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The Giannutri Island is the southernmost one in the Tuscan archipelago. It lies in the Tyrrhenian Sea, at about 1 hour and half by ship from Monte Argentario, from which a regular service, starting from Porto Santo Stefano, is available each 25 minutes.
Giannutri pertains to the municipality of the larger Giglio Island, situated at a short distance from it. Giglio Porto is connected to Giannutri by a ship service making a daily excursion, which offers the possibility to spend a whole day visiting the small wild and marvellous island. The island is a marine park protected by the Tuscan authorities in order to preserve its gorgeous flora and marine fauna. It is integrated along with the islands of Giglio, Capraia, Montecristo, Pianosa and Gorgona in the protected Park of the Archipelago of Tuscany.
The rocky island, with its characteristic half-moon shape, covers an area of 260 hectareas (5 kilometres long and 500 metres wide), which includes three impressive rocky hills: Capel Rosso, Monte Mario and Poggio del Cannone. From the summit of Capel Rosso, the highest one, standing at 89 metres above the sea level, only the immensity of the sea can be contemplated, because even in the most transparent days no land troubles so poetical outlook.
The Giannutri Island has a rocky coast with the exception of small stretches of sandy beaches located in the northeast and in the northwest of the island. Along the coast there are many interesting and large grottos. Among them the most noted is the beautiful Gala dei Grottini.
The only two landing spots in the island, Cala Maestra and Cala dello Spalmatoio, are practically uninhabited. Nevertheless, the condensed built-up is developing as far as possible, without forgetting that the island is a protected territory.

The Giannutri Island is to be visited with the fervour that deserves a tiny earthly paradise.  
It is forbidden to anchor yachts or motor boats in the main part of its coast and there aren’t any asphalting roads, but just simple paths to have a walk across its unspoiled nature. The island is also a perfect spot for diving along its amazing depths, with abundant caves where the Tyrrhenian meadows of Posidonia bloom, while exploring the rich and different species of fishes and crustaceous, as well as the coral reefs, sea stars, sea roses, sea fans, sea horses and sponges, which inhabit its waters.
In the surroundings of the island, even if rare, sometimes happen to bump into the remnants of the shipwrecks occurred in ancient times, from Etruscan and Roman galleys to 17th /18th vessels, most of them happened when the Tuscan archipelago was a recurrent objective of the Moslem pirates. Nevertheless, there have been three noted shipwrecks in the 20th century: the Italian cargo “Marsala”, in 1913, lying at 40 metres of depth ca; the also Italian cargo “Anna Maria”, in 1971, lying at 45 meters of depth ca, and the Panamanian big cargo “Nasim II”, in 1976, lying at 60 metres of depth ca. with all the cars it was transporting to be sold in North Africa.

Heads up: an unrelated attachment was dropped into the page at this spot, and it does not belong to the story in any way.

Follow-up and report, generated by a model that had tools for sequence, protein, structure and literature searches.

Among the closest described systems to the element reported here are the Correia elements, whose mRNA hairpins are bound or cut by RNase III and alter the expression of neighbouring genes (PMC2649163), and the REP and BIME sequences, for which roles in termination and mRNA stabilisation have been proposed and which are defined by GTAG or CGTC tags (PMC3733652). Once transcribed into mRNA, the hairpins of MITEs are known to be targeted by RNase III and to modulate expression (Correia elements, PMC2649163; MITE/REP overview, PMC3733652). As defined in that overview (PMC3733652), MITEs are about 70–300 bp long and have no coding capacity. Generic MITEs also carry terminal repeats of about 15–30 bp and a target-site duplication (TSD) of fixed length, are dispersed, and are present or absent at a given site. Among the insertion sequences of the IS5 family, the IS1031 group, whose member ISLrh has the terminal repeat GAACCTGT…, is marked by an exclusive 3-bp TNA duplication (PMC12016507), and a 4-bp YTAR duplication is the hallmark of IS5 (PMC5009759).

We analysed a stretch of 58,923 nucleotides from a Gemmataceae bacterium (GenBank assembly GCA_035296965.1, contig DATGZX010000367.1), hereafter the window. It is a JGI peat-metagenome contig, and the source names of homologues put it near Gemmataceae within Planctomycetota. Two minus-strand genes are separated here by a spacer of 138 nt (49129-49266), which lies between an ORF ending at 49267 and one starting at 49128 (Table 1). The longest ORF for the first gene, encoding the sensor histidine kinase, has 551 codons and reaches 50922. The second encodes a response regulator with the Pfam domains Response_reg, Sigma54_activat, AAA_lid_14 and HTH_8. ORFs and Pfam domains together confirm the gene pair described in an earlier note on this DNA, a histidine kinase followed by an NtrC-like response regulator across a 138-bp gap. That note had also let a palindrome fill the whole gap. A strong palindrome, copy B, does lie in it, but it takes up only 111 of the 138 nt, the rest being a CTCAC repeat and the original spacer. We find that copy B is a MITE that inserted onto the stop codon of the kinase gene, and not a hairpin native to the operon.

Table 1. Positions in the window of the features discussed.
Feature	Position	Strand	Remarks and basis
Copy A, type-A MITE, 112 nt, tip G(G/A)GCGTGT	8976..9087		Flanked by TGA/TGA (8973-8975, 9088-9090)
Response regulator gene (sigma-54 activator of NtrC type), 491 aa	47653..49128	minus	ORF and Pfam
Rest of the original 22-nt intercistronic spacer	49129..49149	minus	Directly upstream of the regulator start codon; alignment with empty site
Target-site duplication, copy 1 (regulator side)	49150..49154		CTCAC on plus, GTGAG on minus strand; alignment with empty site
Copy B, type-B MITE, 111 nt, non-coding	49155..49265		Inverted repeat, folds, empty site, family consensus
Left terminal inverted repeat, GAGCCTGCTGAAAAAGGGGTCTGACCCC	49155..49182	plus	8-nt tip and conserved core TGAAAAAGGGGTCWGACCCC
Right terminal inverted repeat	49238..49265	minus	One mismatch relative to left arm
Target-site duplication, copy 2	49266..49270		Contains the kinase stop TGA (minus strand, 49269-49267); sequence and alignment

The island was first inhabited by the Greeks, who called it Artemisia, and then by the Romans, who called it Danium. During the Roman ages, the island became a private property of the patrician family Domizi Enobarbi, along with the nearby Giglio Island and the former town of Cosa (now Ansedonia), located in the Maremma shoreline. That family constructed in the Giannutri Island, in the proximities of Cala Maestra, one of the most gorgeous Roman villas never built in the Tuscan archipelago. The villa is named “Agrippina House” for having been inhabited by Julia Augusta Agrippina (15 -59 AD) daughter of the prestigious general Germanicus and niece of the Emperor Claudius. When se was 14 the Emperor Tiberius arranged her engagement with the Roman Consul Gnaeus Domitius Ahenobarbus, whose mother was related to the imperial family. They had only one son or maybe survived just one: Nero (born Lucius Domitius Ahenobarbus) who was born in the 37th year. Three years later Agrippina’s husband died. In the 49th year, she married her uncle Claudius, becoming Empress of Rome. The Emperor Claudius adopted her son who, in the 54th year, succeeded him in the throne as Nero Claudius Caesar Drusus.

The features of the villa denote that it was constructed between the Flavian period and the Hadrianic one. The villa was possibly divided into five sections: an enormous water reservoir subdivided in five compartments; the private rooms of the owners and, opposite, the guest rooms; several thermal baths and a service wing where were placed the slave rooms, the kitchens and the store-rooms. In the outdoors is still standing an amazing panoramic columned loggia reachable by an imposing marble staircase, with views over the Giglio Island.  
The importance of visiting the “Agrippina House”, in which remains are still visible some fragments of the marvellous large mosaics with marine and mythological motifs covering the pavement, as well as some pieces of the precious marbles and frescoes which ornamented its walls, makes up another fundamental reason to stop at the wonderful Giannutri Island.
The island hosts two restaurants located in the area where the ferries reach port.

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